What I owe MVF

Laoag City Vice Mayor Michael V. Fariñas
(Photo from philstar.com)

If there’s one blogger-journalist who has hit hardest on Michael V. Fariñas, both when he was mayor of Laoag and in his tenure as vice mayor cut short by a tragic accident last night, it could be me.

Over the years, I have written about him on a range of issues, nothing personal and all of public interest. Each time I’d do so, people would ask if I was not afraid. He was, after all, the leader of the city, a member of Ilocos Norte’s powerful family, and a man preceded by a certain reputation. Even my editor at The Ilocos Times—deeply concerned with the political repercussions it will have on our publisher who is now back in politics as a barangay captain—once edited out some lines about a throwback issue people today not dare talk about.

Was I afraid? I wasn’t. At all. I think Sir Michael fully embraced critics like me—and here I remember my late friend Steve Barreiro who also wrote explosive columns on MVF—as an important part of a democratic city. To his credit, MVF never caused injury nor harm to me or my family, and my commentaries notwithsatnding, he always flashed for me a smile and extended a firm handshake each time we cross paths. As he does to other people, he prepends my name with “Apo” as in “Apo Herdy.”

On one occasion some years ago, I told him: “Sir, you are my favorite mayor,” to which he replied with a chuckle, “Paborito a tirtiraen.” (You’re fond of hitting me.) Then we had a nice photo together. His wife, Mayor Chevylle and his kids are also very nice to me.

Last April, in what would be our last encounter, MVF visited us at home during the “last night” of the wake for my dad. Surrounded by barangay captains, including my brother Herry, he stayed for seven hours until almost the break of dawn. I sat right beside him for about half an hour during which he told me how he has always respected my thoughts and how he chooses not to get affected by criticisms and unfair accusations and how he prefers to “just do his job.”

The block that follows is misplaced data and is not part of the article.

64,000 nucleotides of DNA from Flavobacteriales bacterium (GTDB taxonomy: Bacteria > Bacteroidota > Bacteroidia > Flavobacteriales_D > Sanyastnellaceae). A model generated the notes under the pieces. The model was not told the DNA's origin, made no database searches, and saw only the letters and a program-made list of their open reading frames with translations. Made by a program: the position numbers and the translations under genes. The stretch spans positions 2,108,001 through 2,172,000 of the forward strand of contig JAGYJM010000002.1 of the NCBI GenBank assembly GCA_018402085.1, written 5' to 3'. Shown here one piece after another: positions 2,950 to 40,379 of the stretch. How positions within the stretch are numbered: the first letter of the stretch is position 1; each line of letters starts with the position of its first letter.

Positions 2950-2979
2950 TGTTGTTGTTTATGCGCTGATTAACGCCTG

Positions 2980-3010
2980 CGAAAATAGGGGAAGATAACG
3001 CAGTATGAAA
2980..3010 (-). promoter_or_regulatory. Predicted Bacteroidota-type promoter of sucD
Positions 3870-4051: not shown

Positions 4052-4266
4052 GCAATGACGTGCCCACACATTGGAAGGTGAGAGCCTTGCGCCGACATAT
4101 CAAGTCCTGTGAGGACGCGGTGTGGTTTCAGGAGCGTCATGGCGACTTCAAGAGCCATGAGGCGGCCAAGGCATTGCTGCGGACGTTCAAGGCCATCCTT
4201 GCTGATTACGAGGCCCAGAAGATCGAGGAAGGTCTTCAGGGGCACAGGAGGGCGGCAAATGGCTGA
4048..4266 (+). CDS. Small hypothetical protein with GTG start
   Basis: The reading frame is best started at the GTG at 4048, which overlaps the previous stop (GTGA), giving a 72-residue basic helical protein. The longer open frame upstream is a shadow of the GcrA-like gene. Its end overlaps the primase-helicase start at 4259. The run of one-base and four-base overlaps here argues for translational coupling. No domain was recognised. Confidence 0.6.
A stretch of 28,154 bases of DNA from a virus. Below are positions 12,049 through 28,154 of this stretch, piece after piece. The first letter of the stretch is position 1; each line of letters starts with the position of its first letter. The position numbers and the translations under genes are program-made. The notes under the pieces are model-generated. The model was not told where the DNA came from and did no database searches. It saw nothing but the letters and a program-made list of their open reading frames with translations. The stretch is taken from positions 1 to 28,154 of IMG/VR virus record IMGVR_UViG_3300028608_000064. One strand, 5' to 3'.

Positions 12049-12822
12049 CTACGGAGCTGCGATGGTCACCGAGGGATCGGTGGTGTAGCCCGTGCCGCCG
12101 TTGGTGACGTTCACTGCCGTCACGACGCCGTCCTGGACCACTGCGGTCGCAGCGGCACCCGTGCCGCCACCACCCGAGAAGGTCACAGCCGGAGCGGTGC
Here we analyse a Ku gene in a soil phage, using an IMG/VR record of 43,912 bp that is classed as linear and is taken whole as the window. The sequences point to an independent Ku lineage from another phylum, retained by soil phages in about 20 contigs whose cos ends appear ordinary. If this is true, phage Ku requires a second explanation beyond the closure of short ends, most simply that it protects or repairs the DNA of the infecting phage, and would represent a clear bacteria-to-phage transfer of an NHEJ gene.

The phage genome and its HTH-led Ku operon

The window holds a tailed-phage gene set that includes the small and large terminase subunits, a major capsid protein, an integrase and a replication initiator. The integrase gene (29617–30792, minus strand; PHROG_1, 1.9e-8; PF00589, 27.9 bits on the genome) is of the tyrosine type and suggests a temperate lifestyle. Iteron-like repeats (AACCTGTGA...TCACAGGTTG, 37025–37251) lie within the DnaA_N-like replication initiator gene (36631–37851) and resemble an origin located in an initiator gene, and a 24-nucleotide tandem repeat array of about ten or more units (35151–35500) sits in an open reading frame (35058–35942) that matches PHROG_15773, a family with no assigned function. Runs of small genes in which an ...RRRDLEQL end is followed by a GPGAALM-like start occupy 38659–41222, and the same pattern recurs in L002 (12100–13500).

Never that night or ever did he tell me to shut up or tone down.

I love living in a city where a person can freely and responsibly express views, no matter how uncomfortable it may be to the powerful. That is why as a dutiful son of Laoag, I share my thoughts and talents in the ways I know, always with pure intentions, always with humility, and a dash of courage.

MVF helped make that possible. He consciously made Laoag a fertile ground to write, a safe place to disagree, a conducive place for the practice of journalism.

I thus say that MVF, simply by being MVF—with all his human strengths and frailties—helped me nurture a career in writing.

For that, I am thankful.

So long, Sir Michael. Rest now. May God be with you.

Cory’s gift and Steve’s burden

ICON. HERO. SAINT. Every possible tribute has been paid to Corazon Aquino, now touted, and rightfully so, as the most loved Filipino of all time.

Still, allow me to give mine. After all, I have always been a Cory fan long before today, when it has become fashionable to be one. Dennis Estacio, my grade school seatmate at the old Divine Word College of Laoag, would attest to this. To the consternation of our teachers whose lectures we occasionally disrupted, albeit unintentionally, Dennis and I, then only in Grade 1, often had impassioned debates on politics. As with almost all Ilocanos, Dennis was maka-Marcos. I was maka-Cory.

In 1986, I accompanied my dad to the voting booth, and bent his hand into voting for Cory. That was the second best thing to voting for her, which I could not do yet because I was just seven. The teachers did not mind that I accompanied my dad. To them, I was just a child. Continue reading “Cory’s gift and Steve’s burden”

The Ilocos Times

A member of the Philiippine Press Institute, The Ilocos Times is the longest running community newspaper edited and published in Laoag City, Ilocos Norte, Philippines over the past 46 years.

The paper was founded in 1920 although it came out irregularly until 1957 when it became a weekly with 90% English and 10% Iluko, the vernacular of Northern Luzon, Philippines.
The Ilocos Publishing Corporation, a family-owned entity having its own commercial printing facilities, publishes the paper.

The Website Edition (http://www.ilocostimes.com/) was constructed on October 2000 primarily aimed at catering to the local news and information needs of Ilocos Norte natives and other Ilocanos living abroad.